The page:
Latest posts by Marine Veteran (see all)
- Op-Ed: DeVos Is Not An Enemy Of Title IX - March 3, 2017
- Recover & Boost Performance Without Taking Time Off From The Gym - February 10, 2017
- Daily Routine To Improve Posture & Feel Better - February 6, 2017
If your Facebook newsfeed is anything like mine then it’s probably filled with people you haven’t seen in 10 years debating religion, politics, sports, the economy, or police reform, and oversharing pictures from their family’s recent trip to see the World’s Largest Ketchup Bottle (it’s in Collinsville, Illinois in case you’re wondering and they actually refer to it as ‘Catsup’ but I grew up in Jersey so I can’t).
In any case, all matter of online material be it terribly mundane or completely outrageous flows freely for your consumption. But what if it didn’t? What if you lived in a place where information was restricted, not by the government but by a group of knife and machine gun toting thugs who have relied on a campaign of violent intimidation to silence opposition to their brand of religious extremism?
ISIS’ ability to use social media platforms like Facebook and Twitter to recruit new members and inspire attacks from afar would impress Madison Ave’s saltiest execs, but the group has also demonstrated an ability to punish dissent that would make Stalin jealous. The latter, and the efforts by a group of Syrian bloggers to overcome it, are the focus of a compelling video series produced by the BBC.
‘Islamic State’s’ most wanted – Part 1: The takeover
“Death started to be a normal thing for us”
Part one of the series introduces us to a group of Syrian teens who were living in Raqqa during the Arab Spring demonstrations of 2011. It was during this unrest that Aziz, Hussam, Sarmad, and Hamoud discovered their passion for journalism, and used it to give the world an unfiltered look at the reality of life in Syria – an image of reality that many wanted to suppress.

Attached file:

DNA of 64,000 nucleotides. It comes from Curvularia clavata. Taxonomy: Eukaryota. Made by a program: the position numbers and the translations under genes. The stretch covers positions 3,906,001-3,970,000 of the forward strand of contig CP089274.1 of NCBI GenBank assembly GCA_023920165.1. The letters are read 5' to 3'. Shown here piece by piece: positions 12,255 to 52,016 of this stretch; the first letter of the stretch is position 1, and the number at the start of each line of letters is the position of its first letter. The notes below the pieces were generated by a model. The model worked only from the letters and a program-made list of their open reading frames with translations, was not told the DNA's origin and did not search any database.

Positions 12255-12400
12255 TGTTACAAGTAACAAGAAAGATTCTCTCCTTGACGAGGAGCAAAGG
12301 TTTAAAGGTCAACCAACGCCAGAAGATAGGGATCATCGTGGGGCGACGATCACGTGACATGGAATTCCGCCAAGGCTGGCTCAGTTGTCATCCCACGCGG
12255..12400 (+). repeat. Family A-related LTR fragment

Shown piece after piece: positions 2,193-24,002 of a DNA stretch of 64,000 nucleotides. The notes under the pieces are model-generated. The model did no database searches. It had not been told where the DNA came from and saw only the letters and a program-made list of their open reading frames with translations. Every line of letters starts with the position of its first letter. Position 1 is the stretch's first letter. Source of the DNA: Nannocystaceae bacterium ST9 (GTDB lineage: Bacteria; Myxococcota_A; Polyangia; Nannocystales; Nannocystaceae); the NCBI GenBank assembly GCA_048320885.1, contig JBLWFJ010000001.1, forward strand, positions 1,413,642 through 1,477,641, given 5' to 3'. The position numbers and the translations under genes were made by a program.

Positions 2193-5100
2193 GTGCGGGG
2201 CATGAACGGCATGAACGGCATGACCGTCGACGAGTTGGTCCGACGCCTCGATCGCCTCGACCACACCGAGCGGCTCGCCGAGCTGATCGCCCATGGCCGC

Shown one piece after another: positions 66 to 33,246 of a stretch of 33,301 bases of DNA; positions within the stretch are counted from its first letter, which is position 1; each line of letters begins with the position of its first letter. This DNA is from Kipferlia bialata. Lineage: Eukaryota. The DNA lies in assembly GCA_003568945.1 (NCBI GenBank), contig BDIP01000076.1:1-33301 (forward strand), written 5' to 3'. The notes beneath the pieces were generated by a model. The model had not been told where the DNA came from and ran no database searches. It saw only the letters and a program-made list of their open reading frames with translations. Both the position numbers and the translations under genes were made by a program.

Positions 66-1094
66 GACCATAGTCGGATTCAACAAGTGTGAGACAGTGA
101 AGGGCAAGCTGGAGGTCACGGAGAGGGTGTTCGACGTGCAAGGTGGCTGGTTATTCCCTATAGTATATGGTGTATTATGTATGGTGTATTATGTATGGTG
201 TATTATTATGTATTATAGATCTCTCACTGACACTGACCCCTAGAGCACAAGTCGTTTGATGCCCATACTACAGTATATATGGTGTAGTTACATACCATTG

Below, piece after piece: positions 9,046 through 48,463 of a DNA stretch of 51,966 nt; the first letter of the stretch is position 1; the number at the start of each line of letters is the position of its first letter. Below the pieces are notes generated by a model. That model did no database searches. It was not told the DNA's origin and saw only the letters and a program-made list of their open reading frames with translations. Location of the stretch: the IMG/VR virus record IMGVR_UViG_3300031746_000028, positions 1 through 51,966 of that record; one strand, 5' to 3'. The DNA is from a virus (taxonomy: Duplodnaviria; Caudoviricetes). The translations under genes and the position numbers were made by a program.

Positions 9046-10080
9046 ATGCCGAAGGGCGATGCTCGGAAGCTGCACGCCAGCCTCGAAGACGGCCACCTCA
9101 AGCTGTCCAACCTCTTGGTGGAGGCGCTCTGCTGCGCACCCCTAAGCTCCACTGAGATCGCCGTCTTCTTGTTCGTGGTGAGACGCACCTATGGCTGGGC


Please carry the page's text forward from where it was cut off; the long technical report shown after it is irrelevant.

When ISIS rolled into town the ballsy bloggers decided to use their smartphones and laptops to fight back against the Islamic State’s campaign of murder and repression.
‘Islamic State’s’ most wanted – Part 2: Resistance
“Everyone who spoke was either killed or had to swear allegiance…”
Islamic State representatives invite activists and media members to a meeting to ‘clear the air.’ Under the guise of diplomacy the terrorists take note of those who use words to fight against extremism. Hamoud refuses to hold back — taking part in a citywide graffiti campaign. Soon his life is in jeopardy and leaving Raqqa might be the only way to stay alive.
From a safe haven in Turkey the group continues their work. Thanks to an undercover activist named Moutaz they expose ISIS’ violence, and everyday incompetence.
‘Islamic State’s’ most wanted – Part 3: IS fight back
“We showed reality…that made ISIS crazy…”
Still in hiding, the group continues to produce content that shows a city in chaos ‘puncturing the myth of a glorious Caliphate.’ ISIS responds by delivering a stern warning during Friday prayers, and then takes action against Hamoud’s family.
‘Islamic State’s’ most wanted – Part 4: One Step Ahead
“May every apostate know that he will be slaughtered silently…”
Desperate to stop the citizen journalists ISIS cuts off internet service in Raqqa. Anyone found with their own connection will be executed. Thugs lock four people inside of a cage because they didn’t remove their home WiFi. The rebel journalists are forced to develop a secret method to communicate with undercover reporters in Raqqa.
Hassam recalls a close call with Islamic State goons at an execution, before joining his friends in Turkey. Terrorists remind the group that they can run, but can’t hide thanks to an operative named Tlas.
‘Islamic State’s’ most wanted – Part 5: Hidden But Unbeaten
“Every day I imagine how I would die…I don’t want my neck to cut with a knife…”
ISIS continues to single out Hamoud, and sends threats to the group. The guys tell Hamoud that it’s time to get out of Syria. A close friend is gunned down in a drive by shooting and the rest of the group goes deeper into hiding.